A simulator study of a critical frontal collision situation was conducted in order to examine usefulness of different warning modalities from a principal other vehicle (POV). In total, 48 participants drove 30 km while performing a secondary task, announced by a vibration in the seat, and experiencing light and/or sound warnings from oncoming traffic.
For comparison field measurements of light and horn sound levels were collected. The measurements were used for the implementations in the simulators graphics- and sound system respectively.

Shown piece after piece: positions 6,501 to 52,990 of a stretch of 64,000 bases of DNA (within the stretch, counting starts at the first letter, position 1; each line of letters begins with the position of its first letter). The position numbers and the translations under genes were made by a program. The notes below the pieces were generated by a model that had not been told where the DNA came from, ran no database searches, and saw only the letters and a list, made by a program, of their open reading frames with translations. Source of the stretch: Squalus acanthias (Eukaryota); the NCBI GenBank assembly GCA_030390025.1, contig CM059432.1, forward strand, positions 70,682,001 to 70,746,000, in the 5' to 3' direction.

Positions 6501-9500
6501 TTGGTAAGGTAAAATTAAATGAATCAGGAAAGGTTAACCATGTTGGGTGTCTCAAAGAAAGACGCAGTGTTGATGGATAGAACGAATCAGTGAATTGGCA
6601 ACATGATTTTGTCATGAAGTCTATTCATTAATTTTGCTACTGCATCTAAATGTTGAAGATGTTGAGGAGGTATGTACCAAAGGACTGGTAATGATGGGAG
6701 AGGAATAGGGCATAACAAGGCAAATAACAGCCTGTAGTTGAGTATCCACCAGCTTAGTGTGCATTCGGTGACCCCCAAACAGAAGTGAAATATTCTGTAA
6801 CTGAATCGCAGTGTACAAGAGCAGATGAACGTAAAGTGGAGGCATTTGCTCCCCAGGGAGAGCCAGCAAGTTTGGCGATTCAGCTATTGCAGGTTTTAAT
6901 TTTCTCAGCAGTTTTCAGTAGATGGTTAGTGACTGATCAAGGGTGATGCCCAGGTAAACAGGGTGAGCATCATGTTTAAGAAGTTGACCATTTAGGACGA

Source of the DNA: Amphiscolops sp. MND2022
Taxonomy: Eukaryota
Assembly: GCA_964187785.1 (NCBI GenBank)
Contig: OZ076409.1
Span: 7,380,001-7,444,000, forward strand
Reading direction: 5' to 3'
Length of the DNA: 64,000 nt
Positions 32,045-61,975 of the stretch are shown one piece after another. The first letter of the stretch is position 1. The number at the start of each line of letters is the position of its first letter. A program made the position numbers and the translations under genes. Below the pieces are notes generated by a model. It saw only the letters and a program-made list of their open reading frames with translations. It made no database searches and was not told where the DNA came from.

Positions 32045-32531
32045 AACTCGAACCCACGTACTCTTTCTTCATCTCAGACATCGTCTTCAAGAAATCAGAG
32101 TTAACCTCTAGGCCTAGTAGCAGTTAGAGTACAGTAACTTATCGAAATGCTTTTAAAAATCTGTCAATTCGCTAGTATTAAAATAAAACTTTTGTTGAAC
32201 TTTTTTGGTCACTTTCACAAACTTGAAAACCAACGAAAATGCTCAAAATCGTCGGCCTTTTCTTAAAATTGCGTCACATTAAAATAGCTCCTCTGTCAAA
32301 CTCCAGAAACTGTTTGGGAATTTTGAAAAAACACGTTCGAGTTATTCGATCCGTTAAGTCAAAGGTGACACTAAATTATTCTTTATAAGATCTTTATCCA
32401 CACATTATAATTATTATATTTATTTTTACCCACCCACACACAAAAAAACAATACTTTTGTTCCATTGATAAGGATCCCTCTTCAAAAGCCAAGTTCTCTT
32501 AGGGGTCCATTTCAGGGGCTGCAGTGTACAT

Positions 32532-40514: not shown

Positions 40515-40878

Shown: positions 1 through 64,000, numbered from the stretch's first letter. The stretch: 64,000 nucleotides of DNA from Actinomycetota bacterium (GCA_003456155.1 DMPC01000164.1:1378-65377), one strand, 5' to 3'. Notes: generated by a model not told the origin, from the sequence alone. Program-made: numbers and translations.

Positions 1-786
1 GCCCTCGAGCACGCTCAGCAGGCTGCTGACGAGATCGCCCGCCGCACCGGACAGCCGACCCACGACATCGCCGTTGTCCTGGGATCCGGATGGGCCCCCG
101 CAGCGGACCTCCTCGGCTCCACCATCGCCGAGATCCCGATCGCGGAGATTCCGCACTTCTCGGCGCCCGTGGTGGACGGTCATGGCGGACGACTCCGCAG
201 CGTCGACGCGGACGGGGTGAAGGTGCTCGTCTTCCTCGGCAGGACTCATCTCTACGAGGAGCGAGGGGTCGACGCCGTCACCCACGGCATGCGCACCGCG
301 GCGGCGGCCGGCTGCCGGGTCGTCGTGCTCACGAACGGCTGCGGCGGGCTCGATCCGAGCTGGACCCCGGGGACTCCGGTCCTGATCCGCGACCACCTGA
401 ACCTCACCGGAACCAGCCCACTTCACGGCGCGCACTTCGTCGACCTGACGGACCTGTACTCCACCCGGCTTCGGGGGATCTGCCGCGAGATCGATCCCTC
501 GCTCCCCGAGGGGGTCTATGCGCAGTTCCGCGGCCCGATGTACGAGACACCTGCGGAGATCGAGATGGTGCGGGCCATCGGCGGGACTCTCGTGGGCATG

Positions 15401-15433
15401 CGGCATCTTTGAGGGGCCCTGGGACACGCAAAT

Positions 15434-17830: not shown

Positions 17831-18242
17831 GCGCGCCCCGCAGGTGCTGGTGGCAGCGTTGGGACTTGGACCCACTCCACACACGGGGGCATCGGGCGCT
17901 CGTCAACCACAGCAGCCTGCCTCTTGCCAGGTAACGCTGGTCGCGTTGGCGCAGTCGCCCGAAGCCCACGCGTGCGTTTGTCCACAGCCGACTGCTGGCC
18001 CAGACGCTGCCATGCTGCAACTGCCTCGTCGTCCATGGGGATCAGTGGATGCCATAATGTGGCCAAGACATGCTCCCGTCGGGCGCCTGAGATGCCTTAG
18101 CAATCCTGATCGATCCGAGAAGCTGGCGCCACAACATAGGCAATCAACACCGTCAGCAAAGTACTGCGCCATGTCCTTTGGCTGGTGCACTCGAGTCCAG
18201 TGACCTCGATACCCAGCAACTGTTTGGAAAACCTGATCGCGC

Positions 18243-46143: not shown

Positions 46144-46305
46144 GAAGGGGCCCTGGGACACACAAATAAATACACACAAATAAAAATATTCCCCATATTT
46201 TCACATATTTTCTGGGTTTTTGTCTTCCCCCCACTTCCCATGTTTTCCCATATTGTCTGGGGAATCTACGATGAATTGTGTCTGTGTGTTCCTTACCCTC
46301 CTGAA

The study aims at providing basic understanding of driver responses to headlight and sound warning coming from another vehicle. A possible application is the implementation of systems for automatic activation of these warnings. Systems for automatic activation of brakes and steering are currently entering the market. These systems use proximity sensors to monitor the state of surrounding road users. Depending on the specific situation the effort/possibility to avoid or mitigate an accident may differ significantly between the principle road users of a pending collision, e.g. one road user (1) may easily avoid a collision while another (2) may not be able to do so. The only possibility for the second road user (2) to avoid a collision in such a situation is to issue a warning to the first (1), so that he/she may take evasive actions. Connecting the horn and the headlight to already existing sensor system, for automatic warning activation, is a cost effective means to provide such a warning. These types of warnings, could of course, also be triggered manually by the driver. The aim of this project is to evaluate the effectiveness of such a warning and also to validate if the warning between the road users is experienced as intended and whether the warning is an effective countermeasure for avoiding accidents.